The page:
Archives for category: K12 Inc.

Soon after the elections, the mega-corporation K12 convened a conference call with investors to boast about the opening of new markets for virtual charters in Georgia and Washington State.

K12 is the company founded by the Milken brothers to sell online schooling for-profit.

It is listed on the New York Stock Exchange. Its CEO, Ron Packard, has a background at McKinsey and Goldman Sachs. Last year, he was paid $5 million.

The academic results of its schools are poor. The National Education Policy Center reviewed K12 and found that its students fare poorly in relation to test scores and graduation rates. The NCAA won’t accept credits from one of its online schools. The New York Times wrote a blistering critique of K12.

But K12, like some other charter operators, makes campaign contributions (as it did in Georgia), and the politicians care more about those contributions than about the children of their state.

Despite the miserable results that cyber charters get in study after study, the state has authorized more of them than any other state. It has 12 up and running, four more just approved, and more in line to be approved.

I mistakenly reported in an earlier post that only one cyber charter had ever made “adequate yearly progress,” but I was mistaken. NO cyber charter has ever made AYP in Pennsylvania. It was only because the State Education Commissioner dummies down the scoring that one crossed the bar. When held to the same standards as public schools, no cyber charter meets the NCLB requirement for academic progress.

I received this communication from the Graduate School of Education at the University of Pennsylvania.

Just think: You too can earn a cash prize for formulating the best business plan for education.

Maybe it would be like the Milkens’ very own K12 virtual school business, which is listed on the New York Stock Exchange, makes millions of dollars, and provides a shoddy education. Study after study shows that the students in the Milken virtual schools have a high attrition rate, low test scores, and low graduation rates. They sit at home in front of a computer and guess the answers to questions on the computer. But what a great business plan! It makes a lot of money for its investors.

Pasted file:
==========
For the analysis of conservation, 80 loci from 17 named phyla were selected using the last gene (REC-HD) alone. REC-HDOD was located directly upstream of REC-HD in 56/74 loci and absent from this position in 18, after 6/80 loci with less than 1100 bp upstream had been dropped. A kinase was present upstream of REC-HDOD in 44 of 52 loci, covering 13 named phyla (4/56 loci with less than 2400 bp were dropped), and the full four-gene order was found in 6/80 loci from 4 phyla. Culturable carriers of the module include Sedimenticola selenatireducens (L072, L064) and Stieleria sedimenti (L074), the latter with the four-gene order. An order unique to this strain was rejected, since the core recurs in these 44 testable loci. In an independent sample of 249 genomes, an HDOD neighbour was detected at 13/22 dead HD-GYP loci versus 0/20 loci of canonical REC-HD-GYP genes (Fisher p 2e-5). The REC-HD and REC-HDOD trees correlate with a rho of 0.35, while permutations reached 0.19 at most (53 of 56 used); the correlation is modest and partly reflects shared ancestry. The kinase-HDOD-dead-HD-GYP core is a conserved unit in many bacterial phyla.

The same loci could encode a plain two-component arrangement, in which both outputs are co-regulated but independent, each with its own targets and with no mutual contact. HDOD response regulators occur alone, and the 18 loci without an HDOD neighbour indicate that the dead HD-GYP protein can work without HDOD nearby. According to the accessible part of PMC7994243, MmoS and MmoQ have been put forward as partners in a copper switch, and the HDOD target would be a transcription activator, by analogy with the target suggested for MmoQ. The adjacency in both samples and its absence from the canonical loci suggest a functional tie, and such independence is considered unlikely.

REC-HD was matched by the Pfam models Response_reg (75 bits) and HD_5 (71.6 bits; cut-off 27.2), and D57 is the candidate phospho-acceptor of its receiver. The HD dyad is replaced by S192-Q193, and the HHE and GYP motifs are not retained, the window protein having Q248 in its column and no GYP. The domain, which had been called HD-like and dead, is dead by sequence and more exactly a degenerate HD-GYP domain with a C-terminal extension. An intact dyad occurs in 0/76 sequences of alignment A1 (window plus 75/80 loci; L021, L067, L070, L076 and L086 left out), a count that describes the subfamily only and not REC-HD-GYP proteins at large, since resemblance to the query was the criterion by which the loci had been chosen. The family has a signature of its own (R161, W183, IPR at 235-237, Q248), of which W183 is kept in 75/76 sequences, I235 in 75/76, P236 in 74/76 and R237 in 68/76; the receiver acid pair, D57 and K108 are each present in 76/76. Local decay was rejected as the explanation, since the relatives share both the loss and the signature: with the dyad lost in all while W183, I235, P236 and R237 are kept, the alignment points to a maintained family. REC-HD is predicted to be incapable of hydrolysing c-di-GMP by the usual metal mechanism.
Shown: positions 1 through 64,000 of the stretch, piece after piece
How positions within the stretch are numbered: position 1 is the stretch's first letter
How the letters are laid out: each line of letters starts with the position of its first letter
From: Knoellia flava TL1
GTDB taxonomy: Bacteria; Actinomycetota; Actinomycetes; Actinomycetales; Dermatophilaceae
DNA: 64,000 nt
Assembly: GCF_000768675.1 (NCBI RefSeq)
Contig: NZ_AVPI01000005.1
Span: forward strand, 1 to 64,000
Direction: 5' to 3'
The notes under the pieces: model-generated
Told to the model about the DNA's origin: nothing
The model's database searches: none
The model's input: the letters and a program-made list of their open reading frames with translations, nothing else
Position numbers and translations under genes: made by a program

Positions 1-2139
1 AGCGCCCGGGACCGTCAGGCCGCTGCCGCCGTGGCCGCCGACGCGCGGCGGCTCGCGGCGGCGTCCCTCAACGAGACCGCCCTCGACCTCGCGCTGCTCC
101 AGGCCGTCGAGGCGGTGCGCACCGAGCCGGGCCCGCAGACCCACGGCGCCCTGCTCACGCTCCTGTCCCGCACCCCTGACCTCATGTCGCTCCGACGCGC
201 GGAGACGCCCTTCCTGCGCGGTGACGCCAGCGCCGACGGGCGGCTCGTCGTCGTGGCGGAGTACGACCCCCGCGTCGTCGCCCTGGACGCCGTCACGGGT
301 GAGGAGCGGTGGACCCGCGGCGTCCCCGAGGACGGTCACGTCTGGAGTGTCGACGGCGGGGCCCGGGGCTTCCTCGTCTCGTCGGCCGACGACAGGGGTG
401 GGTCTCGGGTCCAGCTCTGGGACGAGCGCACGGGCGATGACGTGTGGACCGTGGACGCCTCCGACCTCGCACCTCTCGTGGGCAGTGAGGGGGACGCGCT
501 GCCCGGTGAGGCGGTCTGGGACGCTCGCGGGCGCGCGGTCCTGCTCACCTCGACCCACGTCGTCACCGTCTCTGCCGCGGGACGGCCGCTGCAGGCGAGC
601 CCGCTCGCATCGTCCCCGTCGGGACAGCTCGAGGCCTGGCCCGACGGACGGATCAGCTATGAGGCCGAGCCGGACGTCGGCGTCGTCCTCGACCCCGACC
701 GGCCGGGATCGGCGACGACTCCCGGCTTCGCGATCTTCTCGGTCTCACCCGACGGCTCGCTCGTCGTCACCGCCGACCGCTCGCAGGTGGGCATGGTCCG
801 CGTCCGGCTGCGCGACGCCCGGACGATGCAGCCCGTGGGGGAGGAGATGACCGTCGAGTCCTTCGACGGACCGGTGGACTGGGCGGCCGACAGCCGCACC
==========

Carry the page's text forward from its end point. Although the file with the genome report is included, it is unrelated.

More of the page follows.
University of Pennsylvania’s Graduate School of Education

and the Milken Family Foundation Launch 2013 Education

Business Plan Competition

Share your idea. Change the world.

Philadelphia, PA, November 7, 2012 – The University of Pennsylvania’s Graduate School of Education (Penn GSE) and the Milken Family Foundation have opened submissions for the 2013 Milken-Penn GSE Education Business Plan Competition (EBPC) at the newly re-launched web site Penn GSE’s Executive Director of Academic Innovation Dr. Bobbi Kurshan announced the competition today. The first education-focused business plan competition ever now features a total of $120,000 in prize funding, and is part of Penn GSE’s expanding NEST initiative. The 2013 EBPC will take place on Penn’s campus May 7-8, 2013.

The Milken-Penn GSE EBPC stimulates cutting-edge ideas that serve the world’s educational needs, from Pre-K to adult learning. Last year, EBPC judges selected ten worldwide finalists from over 200 applicants to compete in a live competition in Philadelphia judged by a panel of industry leaders. This year’s competition will also feature the Penn GSE NEST Conference, a gathering of industry leaders for a one-of-a-kind opportunity to gauge the pulse of entrepreneurship in education and explore new ways of fostering a culture of continuous innovation in the field. In coming months, Kurshan will announce a greatly expanded slate of NEST programming that will take place throughout the year.

The $120,000 in total funding is awarded through the following six prizes:

· The Milken Family Foundation:

o First Prize ($25,000)

o Second Prize ($15,000)

· The American Public University System Prize for Innovation in Online Education ($25,000)

· The Educational Services of America Prize for Innovation in the fields of Special Education and At-Risk Students ($20,000)

· The Erudient Education Prize for Innovation in Borderless Education ($10,000)

· The Startl Prize for Open Educational Resources ($25,000)

Penn GSE NEST launched the EBPC in 2010 as a partnership between Penn GSE and the Milken Family Foundation. The EBPC culminates with a live competition, judged by a panel of industry experts, and has more than doubled the amount of prize money and number of prizes since it was first launched. Last year’s winning plans ranged from an effort to leverage mobile technology to educate in Africa (and beyond) to a powerful text-to-audio application that is revolutionary for individuals with visual impairments and those with literacy needs around the world.